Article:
Beijing Tried to Run Candidate Against BC Mayor Critical of CCP

Beijing Tried to Run Candidate Against BC Mayor Critical of CCP
The Chinese Consulate in Vancouver on Oct. 1, 2022. (Melodie Von/NTD)
Andrew Chen
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Brad West, mayor of Port Coquitlam, B.C., says he was informed by Canada’s intelligence agency in 2022 that it was aware of efforts by the Chinese Communist Party (CCP) to recruit a candidate to run against him in that year’s municipal election.

Following his victory in the 2018 municipal election, Mr. West, a fierce critic of the Chinese regime’s human rights violations and hostage diplomacy, was re-elected mayor in 2022. In an interview with The Epoch Times on Aug. 23, he said the Canadian Security Intelligence Service (CSIS) had approached him in September 2022 to alert him of being a target of the Chinese regime.

Mr. West said his trusted sources within the Chinese community had also shown him WeChat messages in which “individuals associated with the Chinese Communist Party” had tried to recruit a candidate to run against him as mayor. Such efforts were “an attempt to neutralize me and to defeat me, and to stop my political representation of the people,” he said.

Mr. West declined to disclose the identities of his sources, citing concerns for their safety, but said that those WeChat messages have been documented and shared with CSIS. He expressed confidence that CSIS is taking the matter “seriously” and continues to investigate, though he is unsure about the extent of the investigation. The matter was first reported by investigative journalist Sam Cooper in his substack newsletter, The Bureau.

Mr. West said he was “particularly concerned” about CSIS’s warning of Beijing’s attempt to prevent his potential progress to higher political office.

“I think from their perspective, they saw the municipal election as an opportunity to take out someone who has been vocal against their efforts and to potentially stop me from furthering my political career,” Mr. West said.

Port Coquitlam Mayor Brad West. (City of Port Coquitlam)
Port Coquitlam Mayor Brad West. (City of Port Coquitlam)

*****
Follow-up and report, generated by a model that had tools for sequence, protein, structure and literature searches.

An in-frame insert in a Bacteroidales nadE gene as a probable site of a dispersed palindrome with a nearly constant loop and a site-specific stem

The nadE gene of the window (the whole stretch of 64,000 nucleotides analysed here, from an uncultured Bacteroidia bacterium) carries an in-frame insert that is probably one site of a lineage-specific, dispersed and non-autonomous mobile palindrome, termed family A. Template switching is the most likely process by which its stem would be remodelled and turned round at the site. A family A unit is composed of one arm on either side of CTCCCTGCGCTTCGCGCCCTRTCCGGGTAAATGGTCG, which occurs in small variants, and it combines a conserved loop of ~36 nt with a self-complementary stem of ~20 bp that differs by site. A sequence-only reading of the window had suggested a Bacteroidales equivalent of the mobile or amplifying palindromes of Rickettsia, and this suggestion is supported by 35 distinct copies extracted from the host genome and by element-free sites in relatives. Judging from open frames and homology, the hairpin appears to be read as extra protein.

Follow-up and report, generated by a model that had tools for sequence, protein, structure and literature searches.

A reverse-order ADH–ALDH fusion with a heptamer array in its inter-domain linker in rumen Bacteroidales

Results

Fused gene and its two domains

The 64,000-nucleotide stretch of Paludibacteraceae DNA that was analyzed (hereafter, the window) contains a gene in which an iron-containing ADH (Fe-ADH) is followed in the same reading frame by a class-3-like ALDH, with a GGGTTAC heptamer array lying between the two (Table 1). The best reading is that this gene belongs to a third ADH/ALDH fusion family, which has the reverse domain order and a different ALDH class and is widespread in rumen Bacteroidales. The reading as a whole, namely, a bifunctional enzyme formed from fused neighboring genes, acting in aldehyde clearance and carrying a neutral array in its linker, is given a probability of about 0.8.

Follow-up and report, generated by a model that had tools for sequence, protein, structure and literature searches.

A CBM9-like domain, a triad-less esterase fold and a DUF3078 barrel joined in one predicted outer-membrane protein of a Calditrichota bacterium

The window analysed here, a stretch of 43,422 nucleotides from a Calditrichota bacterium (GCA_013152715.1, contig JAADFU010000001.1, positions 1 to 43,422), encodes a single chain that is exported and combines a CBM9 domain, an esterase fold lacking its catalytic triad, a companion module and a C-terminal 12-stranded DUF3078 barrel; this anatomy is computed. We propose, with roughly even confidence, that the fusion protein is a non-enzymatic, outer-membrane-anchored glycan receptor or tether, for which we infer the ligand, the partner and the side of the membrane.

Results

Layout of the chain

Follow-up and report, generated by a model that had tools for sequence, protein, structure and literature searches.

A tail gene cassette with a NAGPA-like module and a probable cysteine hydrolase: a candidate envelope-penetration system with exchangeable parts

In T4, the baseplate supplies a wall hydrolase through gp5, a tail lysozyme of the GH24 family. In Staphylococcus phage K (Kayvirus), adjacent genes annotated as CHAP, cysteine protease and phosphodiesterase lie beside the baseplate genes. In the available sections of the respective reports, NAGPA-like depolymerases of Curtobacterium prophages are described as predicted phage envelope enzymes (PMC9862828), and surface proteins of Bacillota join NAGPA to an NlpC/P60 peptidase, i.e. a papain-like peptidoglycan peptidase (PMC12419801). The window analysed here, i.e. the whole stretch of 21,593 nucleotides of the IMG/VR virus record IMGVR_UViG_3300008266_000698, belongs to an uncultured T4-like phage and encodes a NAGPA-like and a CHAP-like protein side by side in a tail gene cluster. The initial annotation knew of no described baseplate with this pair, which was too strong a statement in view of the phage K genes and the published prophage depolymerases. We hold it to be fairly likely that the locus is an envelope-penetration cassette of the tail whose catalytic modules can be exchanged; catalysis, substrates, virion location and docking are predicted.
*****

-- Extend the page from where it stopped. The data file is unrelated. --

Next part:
He said he wasn’t surprised that he has become a target of the CCP, citing the regime’s increased efforts to exert influence overseas. In his view, this is “undermining our democratic systems.” He highlighted that CCP officials and those working on their behalf have tried to launch misinformation campaigns to misrepresent his comments as being “anti-Chinese people.”

“I support the Chinese people and have had a great relationship with members of the Chinese Canadian community, because nobody has suffered more under the Chinese Communist Party than the Chinese people, members of the Hong Kong community, Taiwanese, Falun Gong, Uyghur,” he said.

Despite being targeted, Mr. West persists in speaking out against the CCP’s human rights violations targeting those groups and others. He has also voiced concerns about China’s involvement in fentanyl production, which he blames for causing significant harm in British Columbia.

Consulate Funding

This wasn’t the first time CSIS had approached Mr. West to alert him of being a target of the Chinese regime. In January 2020, the intelligence agency warned him that he was “very much on the radar of the government of China” for exposing its funding to the Union of BC Municipalities (UBCM).
Since 2012, the UBCM had allowed China to sponsor its annual convention, which attracts over 1,000 elected officials, including mayors and city councillors from across British Columbia. For the 2019 convention, China provided $6,000, which gave the consulate the sponsorship benefit of hosting a reception at the convention. This provided officials from China the opportunity to build connections with Canadian politicians who chose to attend the sponsored event.